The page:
• Like
  • Save
The free legal info landscape: treacherous quagmire or inspiring view?
Upcoming SlideShare
Loading in...5

Thanks for flagging this SlideShare!

Oops! An error has occurred.

The free legal info landscape: treacherous quagmire or inspiring view?


Talk from Justice Wide Open: courts and legal information in the digital age. This event for lawyers, journalists and academics, was held by the Centre for Law, Justice and Journalism at City …

Talk from Justice Wide Open: courts and legal information in the digital age. This event for lawyers, journalists and academics, was held by the Centre for Law, Justice and Journalism at City University on 29th February 2012.

  • Full Name Full Name Comment goes here.
    Are you sure you want to
    Your message goes here
    Be the first to comment
    Be the first to like this
No Downloads


Total Views
On SlideShare
From Embeds
Number of Embeds



Embeds 0

No embeds

Report content

Flagged as inappropriate Flag as inappropriate
Flag as inappropriate

Select your reason for flagging this presentation as inappropriate.

    No notes for slide
  • As law librarians, we are concerned with meeting the needs of our users – finding the best quality information for the job. Law librarians or legal information professionals work within all sorts of organisations – academic institutions like myself, law firms, barristers chambers, government libraries, inns libraries, businesses even. The last 10-15 years has meant a massive change in the nature of legal research and the tools available to us. Librarians have always been free spirits despite our often austere stereotype and have been at the forefront of recommending free resources alongside the paid-for commercial services we are somewhat chained to. Within universities repositories are the big talking point, often driven by librarians keen for access to all, and less reliant on expensive journals!We play a role in promoting resources and advocating; representing our users against often aggressive commercial publishers. Quality and authenticity pivotal here – in the US the AALL has had enormous influence on the way federal and state documents are put out there with their ‘Principles and core values concerning public information on government web sites’. Covering aspects of accessibility, reliabliity, comprehensiveness and preservation. Also important is the issue around what is ‘official’. Should a e-version be declared official? (France) Most of european official databases of official gazettes free.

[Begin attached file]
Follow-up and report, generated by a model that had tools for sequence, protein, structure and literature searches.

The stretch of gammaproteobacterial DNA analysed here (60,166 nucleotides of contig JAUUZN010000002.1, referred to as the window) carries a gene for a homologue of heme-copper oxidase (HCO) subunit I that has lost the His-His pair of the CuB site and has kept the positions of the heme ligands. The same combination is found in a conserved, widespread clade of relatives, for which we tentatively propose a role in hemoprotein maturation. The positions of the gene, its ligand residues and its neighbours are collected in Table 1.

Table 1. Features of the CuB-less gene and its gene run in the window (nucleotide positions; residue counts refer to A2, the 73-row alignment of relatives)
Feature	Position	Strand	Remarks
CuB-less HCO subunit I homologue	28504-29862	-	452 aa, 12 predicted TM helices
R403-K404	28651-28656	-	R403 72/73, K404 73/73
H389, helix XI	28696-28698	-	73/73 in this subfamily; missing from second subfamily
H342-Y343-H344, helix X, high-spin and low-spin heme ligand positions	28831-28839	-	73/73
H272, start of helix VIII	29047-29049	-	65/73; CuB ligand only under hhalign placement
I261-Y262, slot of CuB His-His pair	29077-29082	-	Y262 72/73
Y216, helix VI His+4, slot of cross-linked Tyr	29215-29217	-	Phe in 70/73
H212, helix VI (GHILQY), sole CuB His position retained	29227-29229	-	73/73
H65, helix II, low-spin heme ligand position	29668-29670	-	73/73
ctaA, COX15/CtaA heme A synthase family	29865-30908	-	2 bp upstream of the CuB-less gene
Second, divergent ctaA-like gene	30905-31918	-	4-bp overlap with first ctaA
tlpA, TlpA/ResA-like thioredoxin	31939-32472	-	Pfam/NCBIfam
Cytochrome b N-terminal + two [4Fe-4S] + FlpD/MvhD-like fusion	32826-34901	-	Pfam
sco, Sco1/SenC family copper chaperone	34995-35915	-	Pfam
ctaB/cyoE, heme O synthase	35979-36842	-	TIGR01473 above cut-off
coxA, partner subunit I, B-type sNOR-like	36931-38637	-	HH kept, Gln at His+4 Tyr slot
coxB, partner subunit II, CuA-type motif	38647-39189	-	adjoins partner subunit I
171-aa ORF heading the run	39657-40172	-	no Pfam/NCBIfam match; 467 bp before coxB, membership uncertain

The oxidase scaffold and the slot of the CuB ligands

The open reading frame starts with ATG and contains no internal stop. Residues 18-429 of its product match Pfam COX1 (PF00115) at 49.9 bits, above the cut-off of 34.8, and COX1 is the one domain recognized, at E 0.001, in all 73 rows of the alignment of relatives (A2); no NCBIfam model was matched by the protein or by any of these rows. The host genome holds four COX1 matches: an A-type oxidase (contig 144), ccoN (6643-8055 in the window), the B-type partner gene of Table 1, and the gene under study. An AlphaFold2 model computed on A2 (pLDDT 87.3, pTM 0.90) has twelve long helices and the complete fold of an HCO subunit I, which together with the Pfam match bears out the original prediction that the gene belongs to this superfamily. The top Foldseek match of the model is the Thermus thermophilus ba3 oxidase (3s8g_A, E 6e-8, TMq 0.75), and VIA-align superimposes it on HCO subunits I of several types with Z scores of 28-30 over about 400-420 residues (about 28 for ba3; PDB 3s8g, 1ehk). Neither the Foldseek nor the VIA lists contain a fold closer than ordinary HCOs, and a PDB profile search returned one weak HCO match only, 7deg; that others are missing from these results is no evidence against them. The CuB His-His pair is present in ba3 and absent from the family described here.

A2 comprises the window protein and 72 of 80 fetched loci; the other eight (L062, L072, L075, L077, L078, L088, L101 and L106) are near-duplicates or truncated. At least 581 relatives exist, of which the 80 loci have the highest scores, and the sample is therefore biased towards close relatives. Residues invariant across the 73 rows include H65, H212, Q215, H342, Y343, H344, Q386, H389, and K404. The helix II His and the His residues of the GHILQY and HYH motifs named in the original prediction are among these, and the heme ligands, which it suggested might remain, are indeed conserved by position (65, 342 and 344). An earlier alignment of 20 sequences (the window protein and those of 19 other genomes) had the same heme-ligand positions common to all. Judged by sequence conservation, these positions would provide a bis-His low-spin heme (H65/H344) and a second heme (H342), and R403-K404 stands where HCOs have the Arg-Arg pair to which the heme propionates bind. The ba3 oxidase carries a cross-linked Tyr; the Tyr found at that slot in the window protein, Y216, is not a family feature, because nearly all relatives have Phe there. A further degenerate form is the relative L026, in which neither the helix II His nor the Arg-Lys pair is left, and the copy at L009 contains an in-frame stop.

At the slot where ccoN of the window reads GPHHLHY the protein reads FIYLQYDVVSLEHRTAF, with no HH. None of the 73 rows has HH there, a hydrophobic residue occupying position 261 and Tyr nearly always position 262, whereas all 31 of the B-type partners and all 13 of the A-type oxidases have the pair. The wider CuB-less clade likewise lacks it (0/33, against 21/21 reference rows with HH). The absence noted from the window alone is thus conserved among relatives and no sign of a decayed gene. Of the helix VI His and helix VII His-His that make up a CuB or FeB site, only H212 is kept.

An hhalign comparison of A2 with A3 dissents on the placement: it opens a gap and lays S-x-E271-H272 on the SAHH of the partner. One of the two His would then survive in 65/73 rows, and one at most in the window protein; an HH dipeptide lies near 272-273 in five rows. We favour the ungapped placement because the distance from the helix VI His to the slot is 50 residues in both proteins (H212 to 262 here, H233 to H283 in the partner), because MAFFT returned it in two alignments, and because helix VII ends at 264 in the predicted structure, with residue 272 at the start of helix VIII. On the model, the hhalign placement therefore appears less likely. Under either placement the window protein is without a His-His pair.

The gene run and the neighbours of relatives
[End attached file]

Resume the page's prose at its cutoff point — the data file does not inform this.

• The early part of the new millennium saw the emergence of the legal gateways; websites which acted as directories to free legal information put together by librarians to guide their users to the wider legal web. These began with SOSIG (Social Science Information Gateways) in the late 1990’s, which went on to become Intute. Intute has now closed after the withdrawal of JISC funding but will its catalogue is being added to the Eagle-I service at the Institute of Advanced Legal Studies. My own portal Lawbore started out life as a gateway to free legal information, mainly prompted by my worry for graduates who would be lost when they went to work at smaller high street firms, charities or not-for-profit organisations.
  • The big two – lexis and westlaw still dominate, however other smaller publishers have emerged. Danger that they will be bought up by lexis/westlaw. In the past year or so the tables have turned a little, with smaller publishers (Jordans, Informa) withdrawing their content to run on their own platforms. For libraries this has been very tough, as we still need access to lexis and westlaw but then have to purchase new services to retain our coverage. The costs of this provision is sometimes prohibitive. They have us by the throat, especially as libraries often have a policy of e-first, not purchasing the hard copy to cut costs. Customer service often degraded – database providers focus their services around what their biggest customers (e.g. law firms) require. Academic customers lose out – e.g. westlaw journals.